I'll save you the story of the major heartbreak, the betrayal, the mistrust and emotional abuse for another, more melancholic day.  Today is a day of rejoicing, and celebrating new beginnings.  Having the courage to shed the outer layer of things in this world I clung so tightly; or rather the pain that clung so tightly to me.

This summer I walked away from those things, those heart-wringing obstacles, with my head held high and my spirit, though perhaps ever-altered, never torn.

I owe that partially to my dear friends, old and new, who flooded my apartment this summer.  Their stays and visits swept over my little home like a sudden rainstorm.  Changing me with every breakfast made together, and every bottle of wine broken into.  They left my heart full, revitalized with love and hope.

(After all, FH, this was long before I even knew who you were.  It was during a time when your presence in my life felt like a familiar but far away story, one that I had read but couldn't place.  It was frustratingly on the tip of my tongue, but not yet there.  So close, but not yet close enough).

One salty, and perfectly warm evening, my friend Babs and I whisked ourselves away to the very edge of the East Coast.  Just a twenty-five minute drive on the very straight, very fast I-64.  Her bare feet and her dog, Josephine, had made their second home on my dashboard that summer.  My car had no working radio, but we kept ourselves entertained with the lilts of our own voices.  Our conversations carrying on just like one of those good, old crackling vintage tunes.

I remember everything about that night.  My favorite turquoise sundress, and brown sandals.  My curly reddish brown hair was partially gathered with a few bobby-pins.  The rest I let fall down my back and get carried away with the salty breeze that blew through the ocean front.

Together we ate thin-crust pizza and Greek salads, with as many olives as a person can consume in one sitting.  The wine we drank was yellow and cold, banana and citrus flavored, dry, perfect.  Our favorite watering hole, Catch 31, was crowded with people much older and gaudily dressed than we.  She and I, looking quite natural and sun burned, make-up-less, heel-less, stuck out from the crowd.  Or rather, we fell into it.  Blending in with the faces of women  painted much more fiercely than our own.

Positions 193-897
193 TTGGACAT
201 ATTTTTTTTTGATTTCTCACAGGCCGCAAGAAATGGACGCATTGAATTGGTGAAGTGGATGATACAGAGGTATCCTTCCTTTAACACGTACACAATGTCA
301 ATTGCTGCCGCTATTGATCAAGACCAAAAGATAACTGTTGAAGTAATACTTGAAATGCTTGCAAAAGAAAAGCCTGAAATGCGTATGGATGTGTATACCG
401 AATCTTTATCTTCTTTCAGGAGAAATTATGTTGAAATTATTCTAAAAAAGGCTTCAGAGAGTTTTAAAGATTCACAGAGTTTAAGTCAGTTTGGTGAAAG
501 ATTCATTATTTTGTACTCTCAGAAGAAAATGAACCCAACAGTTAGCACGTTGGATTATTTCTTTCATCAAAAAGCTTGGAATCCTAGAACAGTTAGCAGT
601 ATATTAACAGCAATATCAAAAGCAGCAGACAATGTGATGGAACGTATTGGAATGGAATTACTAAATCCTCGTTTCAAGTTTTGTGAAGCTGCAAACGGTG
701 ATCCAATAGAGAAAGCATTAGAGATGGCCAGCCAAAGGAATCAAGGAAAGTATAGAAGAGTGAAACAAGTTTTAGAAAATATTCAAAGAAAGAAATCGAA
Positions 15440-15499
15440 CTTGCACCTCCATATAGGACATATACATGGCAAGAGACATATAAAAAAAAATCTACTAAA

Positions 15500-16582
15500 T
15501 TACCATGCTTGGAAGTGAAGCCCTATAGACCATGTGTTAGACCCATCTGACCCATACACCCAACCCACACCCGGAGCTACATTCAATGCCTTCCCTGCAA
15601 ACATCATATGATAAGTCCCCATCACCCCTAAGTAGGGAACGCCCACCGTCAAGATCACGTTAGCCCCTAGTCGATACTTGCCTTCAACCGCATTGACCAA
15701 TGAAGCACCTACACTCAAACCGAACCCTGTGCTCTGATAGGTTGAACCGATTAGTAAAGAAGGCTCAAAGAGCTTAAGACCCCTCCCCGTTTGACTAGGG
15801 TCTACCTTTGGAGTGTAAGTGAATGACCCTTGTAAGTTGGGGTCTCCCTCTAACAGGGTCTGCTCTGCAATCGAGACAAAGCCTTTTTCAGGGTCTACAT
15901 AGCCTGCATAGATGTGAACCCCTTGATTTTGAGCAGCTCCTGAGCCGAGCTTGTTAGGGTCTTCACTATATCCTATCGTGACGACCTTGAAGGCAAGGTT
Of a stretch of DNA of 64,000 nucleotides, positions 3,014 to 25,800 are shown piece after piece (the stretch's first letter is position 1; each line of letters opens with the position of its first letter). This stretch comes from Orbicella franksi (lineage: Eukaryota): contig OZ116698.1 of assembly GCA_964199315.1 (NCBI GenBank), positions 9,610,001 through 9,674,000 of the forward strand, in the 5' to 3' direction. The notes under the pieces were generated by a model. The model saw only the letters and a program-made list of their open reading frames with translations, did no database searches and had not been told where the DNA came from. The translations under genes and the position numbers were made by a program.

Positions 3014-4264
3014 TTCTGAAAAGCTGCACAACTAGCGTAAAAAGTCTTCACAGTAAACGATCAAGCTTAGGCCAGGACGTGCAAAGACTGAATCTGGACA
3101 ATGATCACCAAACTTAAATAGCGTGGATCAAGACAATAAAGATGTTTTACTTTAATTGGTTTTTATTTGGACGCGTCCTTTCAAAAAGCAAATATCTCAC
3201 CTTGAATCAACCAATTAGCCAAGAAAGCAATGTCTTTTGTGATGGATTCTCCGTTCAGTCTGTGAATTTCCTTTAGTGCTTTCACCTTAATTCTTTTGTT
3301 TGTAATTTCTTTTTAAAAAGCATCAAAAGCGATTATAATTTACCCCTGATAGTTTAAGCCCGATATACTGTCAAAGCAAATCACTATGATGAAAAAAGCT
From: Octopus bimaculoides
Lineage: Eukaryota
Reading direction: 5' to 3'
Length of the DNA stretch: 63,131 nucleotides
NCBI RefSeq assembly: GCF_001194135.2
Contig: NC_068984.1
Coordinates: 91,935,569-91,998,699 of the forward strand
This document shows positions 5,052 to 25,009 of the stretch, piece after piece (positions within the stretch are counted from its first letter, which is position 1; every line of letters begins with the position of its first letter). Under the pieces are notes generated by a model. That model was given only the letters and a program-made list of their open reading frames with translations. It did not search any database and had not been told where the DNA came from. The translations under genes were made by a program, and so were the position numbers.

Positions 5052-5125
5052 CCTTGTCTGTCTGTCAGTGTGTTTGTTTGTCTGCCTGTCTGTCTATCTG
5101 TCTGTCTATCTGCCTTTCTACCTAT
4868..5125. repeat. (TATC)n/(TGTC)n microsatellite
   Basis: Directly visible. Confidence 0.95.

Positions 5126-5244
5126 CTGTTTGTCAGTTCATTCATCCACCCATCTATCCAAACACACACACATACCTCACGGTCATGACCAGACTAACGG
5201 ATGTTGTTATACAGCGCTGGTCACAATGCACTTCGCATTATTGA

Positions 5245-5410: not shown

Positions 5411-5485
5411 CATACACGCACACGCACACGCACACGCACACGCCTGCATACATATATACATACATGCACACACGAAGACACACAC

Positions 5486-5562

We propped our sandy feet on the rim of the fire pit outside and stared into the flames.  Lost in thoughts of Wow, we really are out of place here...


We were not a part of that place, though we were in the midst of it.  We were two locals who felt like outsiders among tourists.

And that's how I feel in my every day life sometimes.  Like I'm missing something.  Like I'm not even comfortable in my own home.  I'm surrounded by friends who live very strange lives (strange in the "I'm not familiar with it" sense of the word) with husbands, and babies, and mother-in-laws.  I feel simple in their presence.  Like I'm missing something important, and I can't figure out what it is.  But it's so obvious to everyone else around me because they're on the inside.

But I'm on the outside looking in.  And I have no idea what I'm doing wrong.

This was about the same feeling that overwhelmed me powerfully as I tried to ignore the strangers around me.

"Do you want to get out of here?" I asked as I turned to Barbara.

"Yes," she said to me.  "Weird vibe here, definitely."

So we paid the bartender and peaced-out.  Leaving the decorated strangers to talk their talks and laugh their laughs.  She and I had to practice our yoga poses on the beach.

And that's just what we did.

We stretched, and reached, and bent and...fell over.  I can't even fault the wine on the last part.  I'm really bad at yoga.

She and I fell into the sand, laughing at our apparent balance problems, the dark, damp sand layering our calves and feet and elbows.  I sat in the sand a while and looked out into the black ocean for a moment.  I lost myself in the beauty of the stars, the smell of salt and foam crescendoing onto the tip of the shore and the freedom of the moment I was currently living in.  A couple of miles out into the water, I could see bright buoys blinking, signaling boats to be cautioned, something was beneath the surface.

I stuck a pin in that moment, in that very day.  Just like a buoy in the ocean of my life.  In that moment I had released the pain of just a month before, and let go.  I had forgiven enough - or forgotten enough, as the definitions of those words begin to look incredibly identical - to let go.

"You look so wild right now," Barbara said to me, breaking my thought.  I took a moment to examine the picture of myself she was referring to.   Sitting in the sand with my legs crossed, my hair falling every which way.  She was right for sure, I was not my little put-together-business-casual-graduate-school-self in that moment.  I was wild.

And I was free.

FH, I hope to still hold onto that freedom when you and I come together.  That I will never be your ball and chain, and that I will never feel boxed in or cornered.  I don't want to fall into the crowd with you, or fall into the trap of keeping up with our friends and family members many steps ahead of us in the stages of their lives.  I hope you and I will be able to recognize when it's time to leave the places we need to, to play in the sand a while.  To dismiss the people in the world who say your life has to follow the equation of x, y, and z.